In the middle stage, no one floral note dominates, though I can clearly identify the ylang-ylang, a signature floral note in many Chanel fragrances, including the iconic No. 5. The petitgrain and bergamot linger at the start of this heart phase, adding their bright verdancy to it like sunlight dappling a garden. The rose and iris are also classic Chanel fragrance notes; here, they are fresh and light. I find all “Les Eaux” to be very fresh and youthful, which I’m sure is part of Chanel’s strategy to attract a younger clientele while still appealing to their longtime clients, as they have done with No. 5 L’Eau.

Drying down, Paris-Venise becomes warmer and softer, with a slight spiciness that recalls Venice’s heyday as a entry port to Europe for the spices of the East. A highlight of our visit to Venice was a stop at the Palazzo Mocenigo, which houses a perfume museum as well as artworks and other exhibits (the embroidered fabrics are gorgeous!). Among the perfume-related displays is a massive table covered with spices and resins.

Display at the Palazzo Mocenigo

The base notes include a light vanilla, just a touch of it as this fragrance is by no means “gourmand.” This vanilla smells like the vanilla orchid that produces the actual vanilla beans, so it is more flowery than foody. It combines beautifully with the base’s more floral notes such as violet and orris. All are given a sort of warm airiness by the white musk, like a balmy evening breeze.

I’m very impressed with Paris-Venise. It is ambery without being too heavy or warm — perfect for summer wear even in a climate as hot as Venice. If a fragrance can be slender and elegant, Paris-Venise is that and more. Have you tried any of “Les Eaux de Chanel”? What did you think?

Perfume Chat Room, July 2

Perfume Chat Room, July 2

Welcome to the weekly Perfume Chat Room, perfumistas! I envision this chat room as a weekly drop-in spot online, where readers may ask questions, suggest fragrances, tell others their SOTD, comment on new releases or old favorites, and respond to each other. The perennial theme is fragrance, but we can interpret that broadly. This is meant to be a kind space, so please try not to give or take offense, and let’s all agree to disagree when opinions differ. In fragrance as in life, your mileage may vary! YMMV.

Today is Friday, July 2, and here in the USA, it is the start of the long Fourth of July holiday weekend. We are back home after a long road trip that included two weeks in New Hampshire so we could visit my elderly father-in-law in the assisted living residence where he lives. It was a joy to see him every day! We stayed in a little rustic lake cottage, the kind with plain wood paneling and no insulation, which was very nostalgic for both of us, having spent many happy times in childhood in such cottages. This one had one bedroom, one bathroom, living room, tiny kitchen, and a small screened porch. It was very cozy and comfortable, but wow! that bathroom was TINY.

I brought home some balsam pillows and have enjoyed sniffing them to my heart’s content. I don’t know of any manmade fragrance that quite captures the real scent of balsam fir. We also brought home a large jug of real maple syrup (I won’t use any other kind) and various other maple sugar treats. Since we drove to New Hampshire, we made several stops along the way — Antietam, site of a famous Civil War battle, on the way north; and on the way south, Gettysburg, site of the three-day battle (July 1-3, 1863) that turned the tide of the Civil War in favor of the Union and later President Lincoln’s Gettysburg Address, and Biltmore, in Asheville, North Carolina, the famous Vanderbilt estate that looks like a French chateau.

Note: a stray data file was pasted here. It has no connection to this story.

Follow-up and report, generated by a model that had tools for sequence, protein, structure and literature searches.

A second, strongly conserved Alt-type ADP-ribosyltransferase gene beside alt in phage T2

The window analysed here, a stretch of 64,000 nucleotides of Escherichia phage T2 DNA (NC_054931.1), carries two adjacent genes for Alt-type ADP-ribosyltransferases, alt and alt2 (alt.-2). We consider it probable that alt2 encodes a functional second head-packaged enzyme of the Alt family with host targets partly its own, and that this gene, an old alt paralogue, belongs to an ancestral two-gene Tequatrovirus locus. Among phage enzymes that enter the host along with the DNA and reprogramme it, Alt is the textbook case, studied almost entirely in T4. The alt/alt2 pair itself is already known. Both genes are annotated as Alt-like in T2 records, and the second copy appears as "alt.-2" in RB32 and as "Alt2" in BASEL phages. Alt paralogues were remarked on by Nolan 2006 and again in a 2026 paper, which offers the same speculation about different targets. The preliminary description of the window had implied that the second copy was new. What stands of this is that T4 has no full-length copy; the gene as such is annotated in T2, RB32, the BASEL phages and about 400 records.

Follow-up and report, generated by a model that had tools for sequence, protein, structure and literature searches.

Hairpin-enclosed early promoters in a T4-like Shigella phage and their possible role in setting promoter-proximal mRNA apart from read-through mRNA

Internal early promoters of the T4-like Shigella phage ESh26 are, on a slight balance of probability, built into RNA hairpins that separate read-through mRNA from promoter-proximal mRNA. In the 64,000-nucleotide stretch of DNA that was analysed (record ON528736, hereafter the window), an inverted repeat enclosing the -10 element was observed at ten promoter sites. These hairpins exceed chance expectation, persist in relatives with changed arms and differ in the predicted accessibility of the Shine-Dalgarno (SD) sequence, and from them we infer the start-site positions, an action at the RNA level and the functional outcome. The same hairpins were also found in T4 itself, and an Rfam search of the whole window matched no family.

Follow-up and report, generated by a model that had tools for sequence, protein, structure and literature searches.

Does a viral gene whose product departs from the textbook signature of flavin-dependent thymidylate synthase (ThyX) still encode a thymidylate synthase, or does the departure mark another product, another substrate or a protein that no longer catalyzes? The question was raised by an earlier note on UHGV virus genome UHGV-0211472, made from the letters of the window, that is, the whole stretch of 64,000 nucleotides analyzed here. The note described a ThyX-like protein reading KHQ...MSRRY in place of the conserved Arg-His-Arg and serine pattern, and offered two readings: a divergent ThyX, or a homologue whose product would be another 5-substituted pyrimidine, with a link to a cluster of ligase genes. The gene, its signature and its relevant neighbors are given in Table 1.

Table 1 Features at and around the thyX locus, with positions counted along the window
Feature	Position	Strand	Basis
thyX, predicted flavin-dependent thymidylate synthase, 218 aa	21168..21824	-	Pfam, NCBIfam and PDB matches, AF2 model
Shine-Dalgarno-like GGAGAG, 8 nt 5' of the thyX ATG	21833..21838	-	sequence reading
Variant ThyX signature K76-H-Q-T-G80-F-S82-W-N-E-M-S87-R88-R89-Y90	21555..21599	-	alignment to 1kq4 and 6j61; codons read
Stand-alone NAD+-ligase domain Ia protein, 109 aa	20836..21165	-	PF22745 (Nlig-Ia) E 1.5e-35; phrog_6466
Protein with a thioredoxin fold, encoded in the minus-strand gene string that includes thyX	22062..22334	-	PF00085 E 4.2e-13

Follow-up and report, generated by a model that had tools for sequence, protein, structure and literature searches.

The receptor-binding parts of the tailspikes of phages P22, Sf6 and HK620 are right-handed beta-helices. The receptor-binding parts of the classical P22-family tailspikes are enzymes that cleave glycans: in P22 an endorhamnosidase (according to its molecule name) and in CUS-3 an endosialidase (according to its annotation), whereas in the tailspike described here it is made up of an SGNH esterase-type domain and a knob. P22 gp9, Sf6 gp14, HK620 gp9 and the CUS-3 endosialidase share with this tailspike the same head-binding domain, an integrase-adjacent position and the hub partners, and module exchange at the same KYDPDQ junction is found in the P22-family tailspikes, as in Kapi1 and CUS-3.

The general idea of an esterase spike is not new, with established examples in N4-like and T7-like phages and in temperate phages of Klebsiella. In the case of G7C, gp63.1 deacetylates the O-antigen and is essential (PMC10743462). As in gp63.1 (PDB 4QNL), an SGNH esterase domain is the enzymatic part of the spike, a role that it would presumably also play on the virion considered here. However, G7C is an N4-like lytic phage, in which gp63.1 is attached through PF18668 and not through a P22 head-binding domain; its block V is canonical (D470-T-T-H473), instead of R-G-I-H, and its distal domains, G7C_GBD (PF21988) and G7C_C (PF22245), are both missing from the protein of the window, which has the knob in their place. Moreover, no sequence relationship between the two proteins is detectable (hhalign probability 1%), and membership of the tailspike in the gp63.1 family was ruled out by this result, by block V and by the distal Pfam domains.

It’s good to be home, though! We’ll spend a quiet Fourth of July here with our kids; I do hope to see some fireworks this year, as most were cancelled last summer. Do you have any special plans, if you’re in the US? And for everyone — what are your favorite “outdoorsy” fragrances? Do you know of any that smell like real balsam?

Perfume Chat Room, June 18

Perfume Chat Room, June 18

Welcome to the weekly Perfume Chat Room, perfumistas! I envision this chat room as a weekly drop-in spot online, where readers may ask questions, suggest fragrances, tell others their SOTD, comment on new releases or old favorites, and respond to each other. The perennial theme is fragrance, but we can interpret that broadly. This is meant to be a kind space, so please try not to give or take offense, and let’s all agree to disagree when opinions differ. In fragrance as in life, your mileage may vary! YMMV.

Today is Friday, June 18, and we have been having some post-lockdown adventures! Most importantly, we have been able to visit my husband’s elderly father for several days, going over to the assisted living facility where he lives for a few hours every afternoon. Since our kids are young adults, they are holding down the fort at home. We are in New England, the part of the US where my husband and I both spent parts of our childhood and that feels like “home” in so many ways. Staying in a rustic lake cottage surrounded by the scent of balsam trees and other vegetation brings back a lot of happy childhood memories! Not to mention the distinctive sounds of loons, which takes me right back to childhood and earlier vacations when our own children were very young.

We also went to a big restaurant the other night, for the first time in over a year. People here are literally giddy with happiness at the ongoing return to normalcy. As we waited for our table, a total stranger turned to me, beaming, and said “Isn’t it wonderful to be in a crowded restaurant again, full of happy people?” Yes, I said. And it was. This particular restaurant is by the side of a lake, with most of the seating in a huge screened porch that runs the length of the building, so we enjoyed plenty of fresh air circulating as well as a gorgeous view.